This past summer, I found myself unexpectedly (temporarily) unemployed; I work as a teacher’s aide, a job which, despite its more abstract fulfilling aspects, financially necessitates I work through the summer. The program I normally work during the summer break, however, was seeing a year of record low enrollments, which meant, by the time June rolled around, I wasn’t needed.
After a moment (or, like, a day… or two) or freaking out, my husband finally managed to reassure me that we’d make it through the summer without my usual income and I began to resign myself to – and finally, even enjoy – the prospect of a summer off. By June, I was into the second semester of my first pregnancy, and after my financial worries were laid to rest, I started to think of what this could mean for me. I still felt like it was too early to really start baby prep – decorating the nursery, for example – so I considered all the creative projects that I’d been putting on the backburner because of work, and all the projects I would soon be holding off on because of child-rearing (and, again, work).
This could be my last summer of freedom, I thought. I should use it to write!
As I may have mentioned before, self-motivation is not exactly my strong suit. I’d been working on a short book for poetry on and off for a few years, and had made excuse after excuse to put off completing it, even though it was a project I felt strongly about and was, overall, quite proud of. Without work, I knew I’d have one less excuse not to get it done, but still no real impetus to actually sit down and do it. Something had to be on the line.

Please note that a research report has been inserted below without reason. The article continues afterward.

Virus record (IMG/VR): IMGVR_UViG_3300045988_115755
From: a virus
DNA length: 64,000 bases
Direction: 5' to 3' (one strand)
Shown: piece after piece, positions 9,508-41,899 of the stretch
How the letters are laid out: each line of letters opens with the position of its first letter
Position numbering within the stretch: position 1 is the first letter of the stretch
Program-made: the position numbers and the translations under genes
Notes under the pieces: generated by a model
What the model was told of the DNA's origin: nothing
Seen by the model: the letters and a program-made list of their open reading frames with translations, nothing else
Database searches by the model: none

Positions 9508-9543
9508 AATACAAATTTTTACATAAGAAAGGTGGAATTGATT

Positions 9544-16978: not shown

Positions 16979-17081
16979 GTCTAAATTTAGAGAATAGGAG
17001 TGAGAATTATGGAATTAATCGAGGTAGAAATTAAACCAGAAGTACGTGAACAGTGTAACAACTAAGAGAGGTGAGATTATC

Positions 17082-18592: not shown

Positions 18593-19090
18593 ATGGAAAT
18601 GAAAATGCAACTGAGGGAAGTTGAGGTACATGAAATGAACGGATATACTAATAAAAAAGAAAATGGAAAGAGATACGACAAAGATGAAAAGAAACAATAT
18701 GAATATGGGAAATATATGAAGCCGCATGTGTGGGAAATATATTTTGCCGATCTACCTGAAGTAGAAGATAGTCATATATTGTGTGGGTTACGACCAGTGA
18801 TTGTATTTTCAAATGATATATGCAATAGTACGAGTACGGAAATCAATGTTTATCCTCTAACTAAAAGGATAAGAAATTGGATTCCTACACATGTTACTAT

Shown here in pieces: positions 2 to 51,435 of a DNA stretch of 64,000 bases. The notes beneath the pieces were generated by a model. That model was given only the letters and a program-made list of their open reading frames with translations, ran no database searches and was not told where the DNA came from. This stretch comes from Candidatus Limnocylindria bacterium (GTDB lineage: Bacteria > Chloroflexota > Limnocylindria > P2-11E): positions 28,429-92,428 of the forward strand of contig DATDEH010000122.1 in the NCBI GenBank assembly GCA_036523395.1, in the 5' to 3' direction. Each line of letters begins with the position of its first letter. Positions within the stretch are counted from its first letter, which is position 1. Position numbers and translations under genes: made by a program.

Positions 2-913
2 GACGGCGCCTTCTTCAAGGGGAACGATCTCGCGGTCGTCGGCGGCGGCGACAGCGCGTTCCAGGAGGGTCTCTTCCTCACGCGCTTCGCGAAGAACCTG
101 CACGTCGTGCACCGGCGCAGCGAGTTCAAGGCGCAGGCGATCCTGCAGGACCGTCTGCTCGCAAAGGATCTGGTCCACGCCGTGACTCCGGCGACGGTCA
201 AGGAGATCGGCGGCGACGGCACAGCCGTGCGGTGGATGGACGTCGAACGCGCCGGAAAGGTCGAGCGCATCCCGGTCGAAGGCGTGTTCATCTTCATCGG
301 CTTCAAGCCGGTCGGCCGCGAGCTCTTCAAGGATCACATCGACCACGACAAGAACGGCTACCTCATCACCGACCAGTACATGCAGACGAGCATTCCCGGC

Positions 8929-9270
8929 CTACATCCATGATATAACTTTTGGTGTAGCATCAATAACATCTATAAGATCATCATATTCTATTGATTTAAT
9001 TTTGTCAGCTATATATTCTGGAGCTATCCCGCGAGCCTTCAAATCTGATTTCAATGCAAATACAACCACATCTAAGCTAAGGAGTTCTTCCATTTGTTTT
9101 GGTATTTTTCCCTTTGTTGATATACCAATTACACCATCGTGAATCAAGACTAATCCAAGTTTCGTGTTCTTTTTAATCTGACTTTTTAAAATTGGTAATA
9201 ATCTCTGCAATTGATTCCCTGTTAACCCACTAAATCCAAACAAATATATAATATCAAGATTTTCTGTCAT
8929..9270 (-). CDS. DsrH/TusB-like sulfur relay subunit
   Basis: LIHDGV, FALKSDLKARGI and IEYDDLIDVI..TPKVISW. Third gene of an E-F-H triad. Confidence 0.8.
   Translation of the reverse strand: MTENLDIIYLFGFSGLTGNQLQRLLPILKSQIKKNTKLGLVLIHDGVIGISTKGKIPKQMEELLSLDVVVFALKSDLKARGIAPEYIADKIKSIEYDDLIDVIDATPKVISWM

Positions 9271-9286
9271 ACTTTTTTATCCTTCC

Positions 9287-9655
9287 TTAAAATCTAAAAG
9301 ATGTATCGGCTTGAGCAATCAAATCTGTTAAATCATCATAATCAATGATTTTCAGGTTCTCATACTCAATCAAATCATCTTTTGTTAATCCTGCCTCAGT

My husband suggested a reward system; I would set aside a block of time for writing, and if I utilized that time well, then I could treat myself to something. Being pregnant, junk food was, at the time, one of my more motivating forces.
“So, what,” I said, “Like, I write for an hour, and I get to eat potato chips? Or like, a chocolate bar?”
“Sure,” he said. “You can earn a little treat, why not. I mean, if it’ll help.”
Well, I was on board – being productive and having the guilt-free go-ahead to eat junk food seemed like an awesome way to spend a summer at home.
If I was in any way, shape, or form a person who is good at organization and goal-setting, I would, of course, have seen the flaws in this plan right away.
In terms of goal-setting, my goal as outlined above, is a scattered mess – “good” goals are (or so I am told) supposed to be specific, measurable, achievable, realistic, and timely. My goal was achievable and realistic, I suppose, but fell short in basically every other area. My plan was vague at best, with a lot of room for self-sabotaging procrastination and interpretation.
But even beyond that – worse than that – was my problem with self-motivation.
Self-motivation is, apparently, linked fairly closely to both self-control and accountability, because an exchange like one this would happen, hmm, basically everyday:
My husband comes in the living room to check on my progress, and stops dead in his tracks.